Unfortunately, the weather during our loan period was miserable and we found very little time to fully exploit the ST’s performance capabilities, but we made the best of what we had. It offers an excellent balance of compliance and playfulness. It’ll track straight and true on the highway without a single twitch, even when you need to squeeze off a tight pass, but with the nannies off, the ST will dance with the best of them. Heavy though the car may be, it never feels it. The back end comes around gamely, not violently, when you lift into a turn. This is a hot hatch to be respected, but not necessarily feared—playful, but ultimately tame.
The EPS does more than just help you turn the wheel, however. It’s also designed to help mitigate the ST’s torque steer—inevitable on front-wheel drive cars making this kind of power. It’s hard to say whether the EPS programming works any better than Mazda’s layers of electronic aids. The ST still tugs despite the intervention, and will sneak off center under hard straight-line acceleration if there are significant differences in the surfaces under the drive wheels. It’s an imperfect solution, but it’s there to mitigate a problem that arises from pushing a great deal of power through a drive configuration that is itself imperfect. High horsepower and front-wheel drive will always be at odds with each other, and there’s only so much that can be done about that.
Fortunately, though, the ST has one redeeming quality that makes it shine above both of its big competitors, and that is its power delivery. The two-liter, turbocharged EcoBoost engine is excellent, and the transmission is geared perfectly to take advantage of its power band. The engine pulls hard to redline and there’s no aggressive boost limiter to get in the way of power delivery in the lower gears (Mazda), and no artificial torque barriers softening the midrange (Volkswagen). Everything is matched just about perfectly. My only complaint is that the Focus has been so refined for this generation that Ford had to use a noise pipe and butterfly valve contraption to let the engine noise in. There’s no synthesizer or anything like that; the engine noise is quite real, but that it has to be piped in just makes it seem more artificial. Volkswagen is equally guilty of this silliness. It’s not a deal-breaker by any means, but it’s one of those things that can’t be ignored once you notice it.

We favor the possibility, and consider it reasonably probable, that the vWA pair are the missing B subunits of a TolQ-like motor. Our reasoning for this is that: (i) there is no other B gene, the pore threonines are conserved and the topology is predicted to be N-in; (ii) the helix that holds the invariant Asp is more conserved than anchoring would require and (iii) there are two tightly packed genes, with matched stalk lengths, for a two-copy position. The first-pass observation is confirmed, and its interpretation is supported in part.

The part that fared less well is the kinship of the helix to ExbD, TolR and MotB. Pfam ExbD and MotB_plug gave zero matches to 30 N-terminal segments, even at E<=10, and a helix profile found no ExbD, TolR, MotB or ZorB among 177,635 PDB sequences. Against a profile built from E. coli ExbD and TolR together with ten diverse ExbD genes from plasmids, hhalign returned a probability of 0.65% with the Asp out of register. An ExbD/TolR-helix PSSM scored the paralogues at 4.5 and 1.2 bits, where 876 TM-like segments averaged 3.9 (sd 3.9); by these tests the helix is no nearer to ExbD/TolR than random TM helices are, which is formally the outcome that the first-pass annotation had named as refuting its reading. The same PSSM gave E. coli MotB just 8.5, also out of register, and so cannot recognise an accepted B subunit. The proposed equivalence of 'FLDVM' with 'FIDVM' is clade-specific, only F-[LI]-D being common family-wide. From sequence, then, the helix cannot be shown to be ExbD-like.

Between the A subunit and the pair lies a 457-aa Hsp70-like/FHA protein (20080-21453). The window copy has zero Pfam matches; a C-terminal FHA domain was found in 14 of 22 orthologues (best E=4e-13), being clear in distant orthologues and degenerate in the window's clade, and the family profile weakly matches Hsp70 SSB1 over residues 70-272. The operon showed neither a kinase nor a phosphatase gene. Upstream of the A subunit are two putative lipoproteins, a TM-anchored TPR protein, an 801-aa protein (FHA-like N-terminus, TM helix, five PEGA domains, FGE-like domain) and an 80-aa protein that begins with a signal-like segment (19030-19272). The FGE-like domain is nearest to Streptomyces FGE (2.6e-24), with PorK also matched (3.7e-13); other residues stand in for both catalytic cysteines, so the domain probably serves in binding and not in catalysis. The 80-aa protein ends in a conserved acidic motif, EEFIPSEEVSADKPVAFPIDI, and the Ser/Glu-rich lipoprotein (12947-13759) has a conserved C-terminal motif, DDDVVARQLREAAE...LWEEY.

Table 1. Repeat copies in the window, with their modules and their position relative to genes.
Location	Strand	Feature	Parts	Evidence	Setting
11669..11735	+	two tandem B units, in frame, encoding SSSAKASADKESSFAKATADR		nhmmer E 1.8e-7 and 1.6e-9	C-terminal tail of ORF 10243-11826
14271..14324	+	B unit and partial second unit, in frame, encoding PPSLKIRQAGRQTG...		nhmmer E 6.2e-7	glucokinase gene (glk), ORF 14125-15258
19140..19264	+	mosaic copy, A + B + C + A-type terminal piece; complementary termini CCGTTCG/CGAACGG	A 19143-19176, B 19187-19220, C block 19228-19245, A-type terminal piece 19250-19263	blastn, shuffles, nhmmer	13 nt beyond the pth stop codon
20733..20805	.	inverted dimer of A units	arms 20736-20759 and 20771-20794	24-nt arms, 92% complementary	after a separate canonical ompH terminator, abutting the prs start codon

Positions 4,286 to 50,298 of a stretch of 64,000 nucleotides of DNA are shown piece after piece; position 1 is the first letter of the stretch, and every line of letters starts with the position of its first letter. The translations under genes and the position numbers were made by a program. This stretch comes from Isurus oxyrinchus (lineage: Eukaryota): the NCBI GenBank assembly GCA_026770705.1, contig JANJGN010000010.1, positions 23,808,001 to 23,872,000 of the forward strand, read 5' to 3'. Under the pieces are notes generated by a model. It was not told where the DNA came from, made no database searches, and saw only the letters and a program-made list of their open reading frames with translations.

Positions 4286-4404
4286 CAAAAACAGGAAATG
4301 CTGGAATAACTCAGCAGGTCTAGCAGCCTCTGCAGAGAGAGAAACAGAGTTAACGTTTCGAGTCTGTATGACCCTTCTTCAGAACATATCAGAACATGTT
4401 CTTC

When the valve closes and the engine noise fades to the background, the ST’s cabin is quiet well-appointed. Physical comfort, however, is a bit trickier. I’ve sung the praises of Ford’s new Recaros previously, but these are narrower and firmer than those in the Mustang. Zerin, shorter and far leaner than I, found them tricky to climb into, but comfortable and supportive. At 5’9” and ~200lbs, I felt that I fit in them just fine, but I couldn’t drive the ST for long periods without developing lower back pain—a sensation I’ve never experienced in any other car, no matter how aggressively bolstered the seats. But man, do they look sharp. The good news for others who might feel similar discomfort is that the base model comes with non-Recaro sport seats, so you’re not forced to buy them if you can live without the options on the higher-trim cars.
The rest of the interior is pure Focus. Our loaner was equipped with the mid-trim (201A) package, which includes the aforementioned partial-leather Recaro seats MyFord touch with Sony audio, and some other small touches (60/40 split rear seat, etc.). Our tester also had touchscreen Nav, which can be purchased as a stand-alone option for $795 or as part of the up-trim package which bundles it with the full-leather Recaro seat upgrade. At just under $28,000, this combination undercuts a Driver’s Edition GTI with the “Topsport” seats.
If you’re planning on track work, the partial leather Recaros will save you money and weight. The full-leather seats offer a more understated look if you just want a quick DD with sexy seats, but they don’t offer any performance benefit over the hybrids. When it comes to tech options, I can only offer this advice: Try before you buy, and leave the dealer with what suits you. You’ll either get along with MyFord Touch or you won’t.
What Ford has here is a car that matches the Mazdaspeed3’s straight-line punch and the GTI’s day-to-day practicality and comfort. The dedicated track junky may balk at the absence of a mechanical LSD, but it’s not a complete deal-breaker for the average buyer, who may be more put off by the fact that Ford didn’t see fit to offer an automatic.
More for you and me.
Ford provided the ST for review.